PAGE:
Flattening the panels achieved dual objectives: easier fabrication and a porous structure

Custom Detailing

Figuring out the panellization is one thing, figuring out how they're suspended in space is quite another. It was decided that the panels would be held by a triangular meshed network of thin steel cables, which in turn would be supported by laser cut wooden profiles fixed to a steel frame -- so far so good. Now came the part where we had to manage to fix panels to this cable network with a joint that allowed flexibility to move/rotate panels in all 3 axes. We 'invented' a custom detail that did exactly this:

Prototypes of the 'flower detail' being tested

The elongated slots in the plywood panels allowed transverse movement, while the circular slots in the steel discs allowed for lateral movement. Each hexagonal panel was to be fixed at 3 alternating corners, forming the 'plane' of that panel. Based on this information, three elongated slots were modelled into each panel and a numbering sequence was deviced to minimize chaos during fabrication. The production of laser cut drawing was automated from the model, so the script laid out the panels in an orderly manner which made it easy to stock them after they were cut.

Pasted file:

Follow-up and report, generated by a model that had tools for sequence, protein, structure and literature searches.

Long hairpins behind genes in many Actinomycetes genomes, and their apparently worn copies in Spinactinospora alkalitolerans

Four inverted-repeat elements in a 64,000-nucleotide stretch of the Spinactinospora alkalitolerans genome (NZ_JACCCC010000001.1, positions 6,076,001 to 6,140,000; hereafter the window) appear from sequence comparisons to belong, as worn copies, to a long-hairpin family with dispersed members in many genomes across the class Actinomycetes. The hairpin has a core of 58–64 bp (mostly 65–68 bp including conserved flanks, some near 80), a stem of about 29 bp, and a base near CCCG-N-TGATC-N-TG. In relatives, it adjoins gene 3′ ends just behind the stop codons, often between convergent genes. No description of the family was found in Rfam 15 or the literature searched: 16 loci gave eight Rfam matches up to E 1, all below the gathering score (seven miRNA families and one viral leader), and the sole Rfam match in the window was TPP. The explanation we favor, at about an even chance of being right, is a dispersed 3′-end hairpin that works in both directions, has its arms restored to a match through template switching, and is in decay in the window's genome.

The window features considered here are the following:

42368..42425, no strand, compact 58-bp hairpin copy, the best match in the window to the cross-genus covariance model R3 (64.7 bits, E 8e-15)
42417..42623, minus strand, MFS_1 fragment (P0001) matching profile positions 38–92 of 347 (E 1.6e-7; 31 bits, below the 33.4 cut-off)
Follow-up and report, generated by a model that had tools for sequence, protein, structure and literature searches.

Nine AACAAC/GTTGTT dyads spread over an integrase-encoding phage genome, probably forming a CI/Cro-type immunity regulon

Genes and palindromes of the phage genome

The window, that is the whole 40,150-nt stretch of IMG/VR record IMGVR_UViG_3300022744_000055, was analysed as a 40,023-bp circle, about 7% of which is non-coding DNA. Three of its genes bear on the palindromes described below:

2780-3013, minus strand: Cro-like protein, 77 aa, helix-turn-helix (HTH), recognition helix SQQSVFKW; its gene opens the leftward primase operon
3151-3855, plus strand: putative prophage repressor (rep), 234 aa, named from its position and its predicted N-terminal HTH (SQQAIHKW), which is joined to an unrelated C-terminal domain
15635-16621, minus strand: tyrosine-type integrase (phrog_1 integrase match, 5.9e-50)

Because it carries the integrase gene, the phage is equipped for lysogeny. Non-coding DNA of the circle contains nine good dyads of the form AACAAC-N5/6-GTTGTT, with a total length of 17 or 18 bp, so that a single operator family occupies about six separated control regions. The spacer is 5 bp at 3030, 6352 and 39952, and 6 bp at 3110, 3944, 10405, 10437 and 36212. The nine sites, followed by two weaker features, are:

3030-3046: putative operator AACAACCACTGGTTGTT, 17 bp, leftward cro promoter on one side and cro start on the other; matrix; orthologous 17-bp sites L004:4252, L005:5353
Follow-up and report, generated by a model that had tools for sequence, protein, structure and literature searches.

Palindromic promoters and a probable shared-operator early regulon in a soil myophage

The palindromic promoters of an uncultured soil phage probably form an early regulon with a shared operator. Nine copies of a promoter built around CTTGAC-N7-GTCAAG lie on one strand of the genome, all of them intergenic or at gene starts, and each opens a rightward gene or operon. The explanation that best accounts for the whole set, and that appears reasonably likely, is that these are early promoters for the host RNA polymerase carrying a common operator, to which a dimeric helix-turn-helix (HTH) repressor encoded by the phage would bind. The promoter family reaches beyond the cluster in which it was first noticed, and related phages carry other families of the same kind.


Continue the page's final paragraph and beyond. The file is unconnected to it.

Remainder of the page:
Generating a fool-proof numbering sequence in a hex-grid is tricky

Fabrication Optimization

The laser cutters that we were working with had a bit of a problem: they were exceptionally slow at cutting curves, and even if we gave them segmented polylines, they would take a significant amount of time stopping at each junction and starting on the new segment. While the panels were all straight lines, the text became the killer. So we ended up inventing our own font that minimized the number of turns it takes to write a number, and obviously there were no curves. It's not the prettiest, but it saved about five minutes of laser cut time per panel, and there were 650 panels in total.